Sacramento Kings: Ranking the Top 5 Players of the Sacramento Era
The Sacramento Kings haven't won an NBA title since moving to Northern California in 1985 but not for a lack of individual brilliance. From the early days of Mitch Richmond to the Chris Webber era to DeMarcus Cousins' current breakout, the Kings have been home to some of the league's top talents.
The Kings' nomadic history traces from Rochester, New York, to Cincinnati to Kansas City, Missouri, with the final stop (hopefully) in Sacramento. While teams in other cities sported superstars like Oscar Robertson and Jack Twyman, this list only evaluated Sacramento ballers.
Players were ranked by their play as members of the Kings, not what they did for other teams around the league. So guys like Danny Ainge, Shareef Abdur-Rahim and Ralph Sampson weren't seriously considered for any of the top spots.
Wayman Tisdale (PF, 1989-90 to 1993-94)
Tisdale averaged 18.4 points per game over five-and-a-half seasons with the Kings, but as a 6'9" power forward, the lefty was often overmatched on defense and on the glass.
Spud Webb (PG, 1991-92 to 1994-95)
Before Nate Robinson, Webb was the original miniscule dunking champion. His 42-inch vertical was the only truly exceptional part of a good but not great all-around game.
Jason Williams (PG, 1998-99 to 2000-01)
Jason "White Chocolate" Williams is arguably the only player in Kings history more exciting than Webb, as he could zip passes into the smallest spaces at the most inconceivable angles. He lasted only three years with the Kings, though, playing out most of his career with the Memphis Grizzlies and Miami Heat.
Tyreke Evans (SG, 2009-10 to 2012-13)
Evans won the 2009-10 Western Conference Rookie of the Year award, but his production dwindled in every season since after defenses realized he didn't have a reliable jump shot.
5. Peja Stojakovic (SF, 1998-99 to 2005-06)
The sweet-shooting Serbian gave the Kings a deadly perimeter scorer in the early 21st century, as he knocked down at least 40 percent of his three-point attempts in four out of five full seasons as a starter.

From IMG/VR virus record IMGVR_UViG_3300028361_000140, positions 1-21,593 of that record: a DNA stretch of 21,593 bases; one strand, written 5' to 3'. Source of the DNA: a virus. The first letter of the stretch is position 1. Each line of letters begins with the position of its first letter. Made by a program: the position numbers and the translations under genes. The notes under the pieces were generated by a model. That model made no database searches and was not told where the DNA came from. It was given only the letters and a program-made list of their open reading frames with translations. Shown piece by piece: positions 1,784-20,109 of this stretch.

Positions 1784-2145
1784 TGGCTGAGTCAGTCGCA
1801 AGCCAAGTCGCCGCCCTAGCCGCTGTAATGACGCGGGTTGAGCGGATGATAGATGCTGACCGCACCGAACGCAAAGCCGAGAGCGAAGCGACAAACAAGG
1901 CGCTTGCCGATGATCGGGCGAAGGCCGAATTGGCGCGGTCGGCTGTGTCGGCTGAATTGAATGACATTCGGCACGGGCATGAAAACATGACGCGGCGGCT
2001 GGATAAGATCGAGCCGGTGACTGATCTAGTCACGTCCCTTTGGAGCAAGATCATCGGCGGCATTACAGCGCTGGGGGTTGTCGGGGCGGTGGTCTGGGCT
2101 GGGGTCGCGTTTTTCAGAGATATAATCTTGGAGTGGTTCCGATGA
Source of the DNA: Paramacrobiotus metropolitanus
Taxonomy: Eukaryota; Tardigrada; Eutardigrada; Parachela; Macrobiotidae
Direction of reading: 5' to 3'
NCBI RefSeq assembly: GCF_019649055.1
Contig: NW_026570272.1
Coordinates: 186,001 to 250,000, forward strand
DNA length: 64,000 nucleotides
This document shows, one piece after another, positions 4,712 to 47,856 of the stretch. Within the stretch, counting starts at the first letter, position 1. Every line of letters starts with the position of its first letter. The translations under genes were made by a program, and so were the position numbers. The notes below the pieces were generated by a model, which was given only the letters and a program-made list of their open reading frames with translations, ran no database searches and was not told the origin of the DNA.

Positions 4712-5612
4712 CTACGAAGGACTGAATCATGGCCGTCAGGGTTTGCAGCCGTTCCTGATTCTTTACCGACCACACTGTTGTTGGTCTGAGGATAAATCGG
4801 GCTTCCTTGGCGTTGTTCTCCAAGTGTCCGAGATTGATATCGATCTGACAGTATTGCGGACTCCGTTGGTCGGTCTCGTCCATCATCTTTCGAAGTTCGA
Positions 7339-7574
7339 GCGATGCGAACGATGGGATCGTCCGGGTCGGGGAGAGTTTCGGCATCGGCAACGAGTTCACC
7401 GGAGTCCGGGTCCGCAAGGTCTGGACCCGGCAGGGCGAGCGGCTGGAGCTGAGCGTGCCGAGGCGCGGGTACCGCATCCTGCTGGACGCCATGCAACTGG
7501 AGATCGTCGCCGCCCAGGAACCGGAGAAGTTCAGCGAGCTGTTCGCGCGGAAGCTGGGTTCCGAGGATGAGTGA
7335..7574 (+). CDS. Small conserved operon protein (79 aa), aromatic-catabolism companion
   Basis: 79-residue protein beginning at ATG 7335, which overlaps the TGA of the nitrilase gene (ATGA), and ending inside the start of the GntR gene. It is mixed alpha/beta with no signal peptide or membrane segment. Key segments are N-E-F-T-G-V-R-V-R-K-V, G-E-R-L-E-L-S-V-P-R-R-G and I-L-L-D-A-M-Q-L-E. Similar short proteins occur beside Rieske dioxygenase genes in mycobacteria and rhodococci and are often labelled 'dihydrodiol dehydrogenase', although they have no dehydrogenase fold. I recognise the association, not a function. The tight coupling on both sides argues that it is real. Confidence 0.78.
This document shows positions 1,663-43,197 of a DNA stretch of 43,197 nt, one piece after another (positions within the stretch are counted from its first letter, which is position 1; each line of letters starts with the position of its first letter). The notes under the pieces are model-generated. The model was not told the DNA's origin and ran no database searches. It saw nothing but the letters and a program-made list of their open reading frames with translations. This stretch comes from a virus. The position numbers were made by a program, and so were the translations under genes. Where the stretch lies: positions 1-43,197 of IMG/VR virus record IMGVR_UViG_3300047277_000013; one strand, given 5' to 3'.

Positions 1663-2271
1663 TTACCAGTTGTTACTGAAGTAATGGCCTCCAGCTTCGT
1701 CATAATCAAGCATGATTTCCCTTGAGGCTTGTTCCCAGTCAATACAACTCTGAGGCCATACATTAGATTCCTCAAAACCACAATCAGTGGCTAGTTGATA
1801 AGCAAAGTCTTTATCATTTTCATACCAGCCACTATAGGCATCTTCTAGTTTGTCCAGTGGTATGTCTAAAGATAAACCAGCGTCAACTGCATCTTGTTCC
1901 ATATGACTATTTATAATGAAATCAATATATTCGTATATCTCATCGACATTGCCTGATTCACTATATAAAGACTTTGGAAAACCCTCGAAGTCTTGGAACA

A high release point made blocking Stojakovic practically impossible, and at 6'10", he was often able to bully smaller swingmen in the high post.
Stojakovic led the Kings in win shares in three consecutive seasons, per Basketball-Reference.com, and his 13.5 win shares in 2003-04 were the most in franchise history since Nate "Tiny" Archibald in 1972-73.
4. Mike Bibby (PG, 2001-02 to 2007-08)
After being traded for the more flashy Jason Williams, Mike Bibby became the Kings' rock on teams surrounded by Stojakovic, Chris Webber and Vlade Divac. His career averages of 17.6 points per game and 2,580 with the Kings are solid if unspectacular, and he started at least 80 regular-season games in five of six full seasons.
The supporting cast's scoring ability allowed Bibby to serve as the Kings' key distributor, but he could light up the opposition when needed. His 36 points helped Sacramento beat the Dallas Mavericks in the decisive Game 5 of the first round of the 2003-04 playoffs.
Bibby is perhaps best known for his game-winning shot in Game 5 of the 2001-02 Western Conference Finals, which gave the Kings a 3-2 series lead.
3. DeMarcus Cousins (C, 2010-11 to Present)
By the time Cousins finishes playing in Sacramento, he could very well be the best Kings player of all time. But without a 30-win season under his belt, he'll have to settle for No. 3 for now.
DMC broke out last season with career highs in points, rebounds, assists and field-goal percentage. His progression as an interior defender led to a 101.5 defensive rating, good for 17th in the league, per Basketball-Reference.com.
2. Chris Webber (PF, 1998-99 to 2004-05)
C-Webb began his stint with the Kings by averaging at least 20 points and 10 rebounds per game in each of his first five seasons, making one All-NBA first team, three second teams and one third team in the process.
The only drawback to Webber's game? He was surrounded by more talent than any other Kings star, yet he was never able to fully lead the team, often deferring to Mike Bibby in crucial situations. Webber's inability to become the Kings' clear-cut No. 1 player cost him the No. 1 spot in my ranking system.
1. Mitch Richmond (SG, 1991-92 to 1997-98)
Richmond was a rare bright spot for the Kings in the 1990s, averaging 23.3 points per game over seven seasons and making six consecutive All-Star games from 1992-93 to 1997-98.
In 1995-96, the lone season Richmond made the playoffs with Sacramento, he carried the team with 23.1 points per game on 43.7 percent shooting from three-point range. The next-highest scorer, small forward Walt Williams, averaged 14.6 points per game before being traded to the Miami Heat midway through the year.
"Rock" was a member of the 1996 U.S. Olympic team alongside legends like Shaquille O'Neal, Scottie Pippen and Charles Barkley. He was recently elected to the Naismith Memorial Basketball Hall of Fame.
In a twist of bitter irony, the last memory Kings fans have of Richmond is his 2001-02 season sitting on the Los Angeles Lakers bench. The Lakers, of course, eliminated Sacramento in that year's Western Conference Finals, often regarded as the most controversial NBA playoff series of all time.